This week, Brooklyn-based deejay DJ Tikka Masala snagged a gig at the most exclusive venue in the country: The White House. Yes, that White House. A force in the queer dance scene in New York City, DJ Tikka self identifies as a queer woman and has launched many queer events in Brooklyn, including her flagship monthly party That’s My Jam. She has also deejayed in the queer scenes in Europe and Asia.
Born in Calcutta, DJ Tikka is of Indian descent, and she will be deejaying the annual Diwali Celebration at the White House next Tuesday. AfterEllen.com chatted with her about the upcoming gig, her career and being a queer woman of color growing up in a socially conservative family.
AfterEllen.com: When I first read that you were deejaying at The White House next Tuesday, I’ll admit I thought it might have been the name of a new megaclub in NYC I didn’t know about and Googled it. Nothing came up, but I did a little happy dance for you anyway. Then I realized that you were talking about Barack Obama’s house, and my head exploded. Then I did a really really ridiculously big happy dance for you. So just how did you get hooked up with this gig?
When I was a kid, there was only Bollywood on the tape deck and record player, so I know my parents’ era of Bollywood music really well. I have great friends, got lucky, and was prepared with a strong deejay resume when the opportunity arrived.
AE: You’re playing the White House Diwali Celebration. Can you give a brief overview of the Diwali festival for those not familiar with South Asian culture?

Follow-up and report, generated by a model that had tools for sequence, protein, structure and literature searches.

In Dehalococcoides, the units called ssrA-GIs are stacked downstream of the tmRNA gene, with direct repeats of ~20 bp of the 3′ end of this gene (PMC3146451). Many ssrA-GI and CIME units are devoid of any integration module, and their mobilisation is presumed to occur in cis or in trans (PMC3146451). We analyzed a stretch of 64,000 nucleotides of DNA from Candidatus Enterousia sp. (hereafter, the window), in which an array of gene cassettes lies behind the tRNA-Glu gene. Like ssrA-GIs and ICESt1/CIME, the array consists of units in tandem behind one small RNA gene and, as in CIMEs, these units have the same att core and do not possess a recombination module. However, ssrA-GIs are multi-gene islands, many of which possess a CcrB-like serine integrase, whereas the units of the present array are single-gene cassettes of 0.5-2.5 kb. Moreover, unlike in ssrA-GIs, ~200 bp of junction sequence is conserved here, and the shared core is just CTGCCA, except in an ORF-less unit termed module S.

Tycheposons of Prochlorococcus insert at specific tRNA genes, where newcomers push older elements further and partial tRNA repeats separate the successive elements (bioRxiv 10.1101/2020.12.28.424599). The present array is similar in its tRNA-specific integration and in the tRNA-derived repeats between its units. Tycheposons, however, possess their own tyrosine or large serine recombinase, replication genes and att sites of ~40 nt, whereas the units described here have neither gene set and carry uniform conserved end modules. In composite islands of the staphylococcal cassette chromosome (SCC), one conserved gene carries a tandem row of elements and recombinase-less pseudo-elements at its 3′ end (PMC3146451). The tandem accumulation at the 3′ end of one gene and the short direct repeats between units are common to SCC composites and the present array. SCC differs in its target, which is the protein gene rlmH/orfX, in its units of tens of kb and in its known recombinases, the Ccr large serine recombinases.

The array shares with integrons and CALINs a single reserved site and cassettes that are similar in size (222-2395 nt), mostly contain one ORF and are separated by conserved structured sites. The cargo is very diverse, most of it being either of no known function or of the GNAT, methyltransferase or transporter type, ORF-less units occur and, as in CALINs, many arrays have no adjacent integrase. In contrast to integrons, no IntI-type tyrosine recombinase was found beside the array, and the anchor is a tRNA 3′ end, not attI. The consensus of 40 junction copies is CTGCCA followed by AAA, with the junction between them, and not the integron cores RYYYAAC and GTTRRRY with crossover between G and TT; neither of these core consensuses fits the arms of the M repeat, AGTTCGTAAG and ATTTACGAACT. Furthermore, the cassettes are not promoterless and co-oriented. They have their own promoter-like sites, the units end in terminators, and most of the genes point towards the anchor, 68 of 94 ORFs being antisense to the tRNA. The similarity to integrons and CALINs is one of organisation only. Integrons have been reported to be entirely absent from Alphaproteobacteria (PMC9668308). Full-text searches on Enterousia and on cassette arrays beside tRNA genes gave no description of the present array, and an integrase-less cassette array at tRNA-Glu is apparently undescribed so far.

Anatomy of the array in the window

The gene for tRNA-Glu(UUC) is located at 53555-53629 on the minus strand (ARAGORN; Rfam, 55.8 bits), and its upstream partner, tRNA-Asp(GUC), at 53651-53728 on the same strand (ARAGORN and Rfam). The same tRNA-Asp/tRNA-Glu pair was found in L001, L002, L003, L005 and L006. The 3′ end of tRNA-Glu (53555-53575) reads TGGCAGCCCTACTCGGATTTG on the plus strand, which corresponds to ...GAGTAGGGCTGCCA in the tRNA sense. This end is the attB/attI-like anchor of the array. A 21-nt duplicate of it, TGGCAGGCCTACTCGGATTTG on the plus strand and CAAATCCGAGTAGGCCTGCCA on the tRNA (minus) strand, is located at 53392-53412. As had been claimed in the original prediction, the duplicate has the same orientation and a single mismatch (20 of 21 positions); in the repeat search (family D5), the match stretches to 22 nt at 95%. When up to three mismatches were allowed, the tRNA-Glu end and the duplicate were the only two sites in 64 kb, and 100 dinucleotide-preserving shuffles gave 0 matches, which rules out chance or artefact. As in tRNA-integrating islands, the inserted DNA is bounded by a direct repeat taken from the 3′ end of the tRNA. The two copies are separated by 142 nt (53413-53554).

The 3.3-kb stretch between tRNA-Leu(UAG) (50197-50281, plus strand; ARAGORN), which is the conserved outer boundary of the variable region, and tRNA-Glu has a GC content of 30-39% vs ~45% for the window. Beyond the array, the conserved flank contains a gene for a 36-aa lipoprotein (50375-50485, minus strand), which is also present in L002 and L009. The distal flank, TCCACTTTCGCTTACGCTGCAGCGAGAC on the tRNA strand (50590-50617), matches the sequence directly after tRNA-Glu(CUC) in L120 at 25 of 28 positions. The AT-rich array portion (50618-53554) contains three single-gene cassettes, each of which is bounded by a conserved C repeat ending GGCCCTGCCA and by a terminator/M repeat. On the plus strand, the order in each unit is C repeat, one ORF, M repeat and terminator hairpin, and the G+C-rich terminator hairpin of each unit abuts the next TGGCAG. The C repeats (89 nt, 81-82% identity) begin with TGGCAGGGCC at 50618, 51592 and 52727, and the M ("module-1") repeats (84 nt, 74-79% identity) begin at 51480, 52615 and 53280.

When I was a kid growing up in Jersey my family used to go to Puja (Worship) for religious reasons, but they’d stay for the party and the cultural events surrounding the celebration: dance, music, and theater. With the ritual of Diwali intact in America, people from these faiths know they have a consistent time and place where they can celebrate together and catch up every year, while keeping their culture alive thousands of miles from where they are from. It’s great because Diwali spans multiple religions and language groups, so in America it’s a holiday that can bring people of really diverse backgrounds together.
AE: So this will be a totally different vibe than your parties in Brooklyn.
AE: Do you know any special guests that will be present at the festivities?
AE: How did you get your start as a deejay?
AE: So you grew up in Jersey, had a stint in California, where you caught the deejaying bug. What brought you back to the east coast, specifically New York City?
Eventually I got tired of working for promoters though and set up That’s My Jam in Brooklyn, blocks from my house, and then that led to some international recognition from the queer scene in Tokyo — Tokyo Wrestling shoutout! Also, the queer scene in Amsterdam — PinqRadio and LoveDance shoutout! Best idea ever.
I definitely feel like support from the queer community in NYC, and the global queer community is completely responsible for so many amazing opportunities I’ve had as a deejay, and this White House gig is a prime example of that.
AE: What thoughts and emotions have been running through your head since you found out you got the gig?
— by Grace Chu